Overall, the results are inconclusive in respect of adverse effects from exposure to mercury in dental amalgam, or in respect of having shown the conclusively verifiable safety of mercury based dental amalgam.
In a 2005 policy paper on mercury in health care the World Health Organisation (WHO) states that dental amalgam is the main source of mercury exposure in non industrialized settings, exposing the concerned population to a mercury level significantly exceeding those set for food and air.  
Recent studies suggest that mercury may not have a threshold below which some adverse effects do not occur.   Research on monkeys has shown that mercury released from dental amalgam restorations is absorbed and accumulates in various organs such as the kidney, brain, lung, liver, gastro-intestinal tract, the exocrine glands. It was also found to have crossed the placental barrier in pregnant rats and proven to cross the gastrointestinal mucosa when amalgam particles are swallowed after amalgam insertion or after removal of old amalgam fillings. 
Various diagnostic methods exist to detect the level of mercury in the body, including blood tests, urine tests, stool tests, saliva tests, DMPS or DMSA chelation urine tests, a hair analysis and others. Opinions differ on which of these tests, if any, is the most accurate, although mainstream scientific research tends to place the most weight on chelation urine tests or stool tests when trying to assess chronic levels, or on blood or urine tests when trying to assess recent acute exposure.
It is noted that the degree of accuracy which can be expected from urine based mercury tests given the observations cited above (outlining the drop in mercury excretion levels, after two years, in children with amalgam fillings despite a constant or increased magnitude in the level of mercury exposure) indicates the possibility of clear limitations in the efficacy of urine based mercury tests as an accurate statistic for the purposes of dental studies.
Further, none of these tests can link mercury levels to dental amalgams for methodological reasons, except (a) on an epidemiological scale; or (b) through measuring levels before and after dental work. Studies have investigated both angles and results have differed, fueling the controversy since the scientific data remains inconclusive and has not yet proven either safety or danger.
Most dentists, however, still feel that while, when placing the fillings, both patient and dentist are exposed to a small amount of mercury and mercury vapor, once the amalgam has hardened (which takes less than a minute), most of the mercury is captured in the filling. Further, being trapped in the amalgam, they contend that the mercury cannot escape into the mouth except in small amounts, which they would not deem significant except in the case of hyper-sensitive patients. Opponents and some practitioners disagree, and prefer the use of alternative fillings. Because of such concerns, according to the Consumers for Dental Choice, fully one third of the dentists in the US are currently 'mercury free'. Some practitioners may also recommend that patients with amalgam fillings have them removed and replaced, particularly if the patient is experiencing the symptoms that they attribute to the use of amalgam. These professionals recommend that unprotected amalgam removal should be avoided even in routine dental procedures to avoid exposure to mercury vapor and amalgam particulate matter.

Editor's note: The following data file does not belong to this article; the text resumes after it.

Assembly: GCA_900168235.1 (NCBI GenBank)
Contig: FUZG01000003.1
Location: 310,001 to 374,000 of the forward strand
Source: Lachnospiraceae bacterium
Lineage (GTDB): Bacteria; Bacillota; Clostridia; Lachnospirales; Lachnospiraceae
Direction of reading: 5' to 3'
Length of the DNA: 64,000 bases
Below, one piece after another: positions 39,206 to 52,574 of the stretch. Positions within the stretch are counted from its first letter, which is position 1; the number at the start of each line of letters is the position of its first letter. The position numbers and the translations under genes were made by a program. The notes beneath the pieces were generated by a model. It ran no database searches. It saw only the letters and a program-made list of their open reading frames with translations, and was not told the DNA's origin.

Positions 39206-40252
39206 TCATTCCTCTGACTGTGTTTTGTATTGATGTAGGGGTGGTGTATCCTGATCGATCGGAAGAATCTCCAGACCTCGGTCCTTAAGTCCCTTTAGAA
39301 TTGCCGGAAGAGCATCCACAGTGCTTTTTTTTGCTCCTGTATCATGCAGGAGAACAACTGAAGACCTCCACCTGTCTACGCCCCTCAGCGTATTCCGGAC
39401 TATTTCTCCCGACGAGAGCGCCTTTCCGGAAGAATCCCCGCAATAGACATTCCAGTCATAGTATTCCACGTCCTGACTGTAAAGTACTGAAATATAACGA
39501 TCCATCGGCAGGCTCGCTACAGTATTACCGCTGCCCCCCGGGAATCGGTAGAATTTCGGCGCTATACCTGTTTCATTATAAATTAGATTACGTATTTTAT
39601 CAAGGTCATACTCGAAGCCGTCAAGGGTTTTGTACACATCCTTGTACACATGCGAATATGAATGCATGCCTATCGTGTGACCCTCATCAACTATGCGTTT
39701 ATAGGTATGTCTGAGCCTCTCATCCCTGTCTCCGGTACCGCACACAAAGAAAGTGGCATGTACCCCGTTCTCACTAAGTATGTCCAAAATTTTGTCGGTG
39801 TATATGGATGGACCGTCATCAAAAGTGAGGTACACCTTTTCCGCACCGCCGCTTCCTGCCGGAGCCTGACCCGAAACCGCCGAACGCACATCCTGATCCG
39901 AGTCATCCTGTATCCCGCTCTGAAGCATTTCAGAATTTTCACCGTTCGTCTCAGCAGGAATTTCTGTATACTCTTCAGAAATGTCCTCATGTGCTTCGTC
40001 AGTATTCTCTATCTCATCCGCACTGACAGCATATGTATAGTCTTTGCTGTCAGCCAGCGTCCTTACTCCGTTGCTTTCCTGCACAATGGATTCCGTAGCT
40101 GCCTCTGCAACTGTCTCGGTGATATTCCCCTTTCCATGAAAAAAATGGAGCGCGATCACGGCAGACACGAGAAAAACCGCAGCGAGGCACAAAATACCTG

Organizations opposed to amalgam use, such as Consumers for Dental Choice, claim to have over 65,000 studies on file implicating amalgam fillings as the cause of a diversity of health disorders. These studies have been used in various lawsuits, and were the main contributing factor to the passage of Californian legislation concerning the issuing of warnings to patients about mercury, and to the federal bill introduced in 2002 proposing that amalgam fillings be made illegal after 2006.
One recent meta-study has concluded that after studies with methodological flaws are discounted, the evidence indicates that amalgams should not be used.
Health effects for dentists
Among modern dentists who are exposed to mercury amalgam and vapor on a daily basis, no evidence of mercury poisoning has been demonstrated. Some studies have indicated that mercury from amalgams affects some dentists mildly. Dentists in several large-scale studies performed multiple cognitive and behavioural tests and, compared to a normal population, lagged behind in many areas. In one study this included 14% worse scores in memory, co-ordination, motor speed and concentration. The study did not demonstrate any link between mercury exposure and these lagging scores, however.
A study examining the health effects of mercury on dentists in the UK published in the Occupational and Environmental Medicine Journal concluded that 180 dentists had on average 4 times the urinary mercury excretion levels of 180 people in a control group. Dentists were significantly more likely than control subjects to have had disorders of the kidney or memory disturbance. No direct correlation between urinary mercury levels and the disability, however, was found. Urine testing is unreliable for showing lifetime mercury accumulation rather than recent exposure. Research on living humans has proceeded slowly.
|This article is licensed under the GNU Free Documentation License. It uses material from the Wikipedia article "Dental_amalgam_controversy". A list of authors is available in Wikipedia.|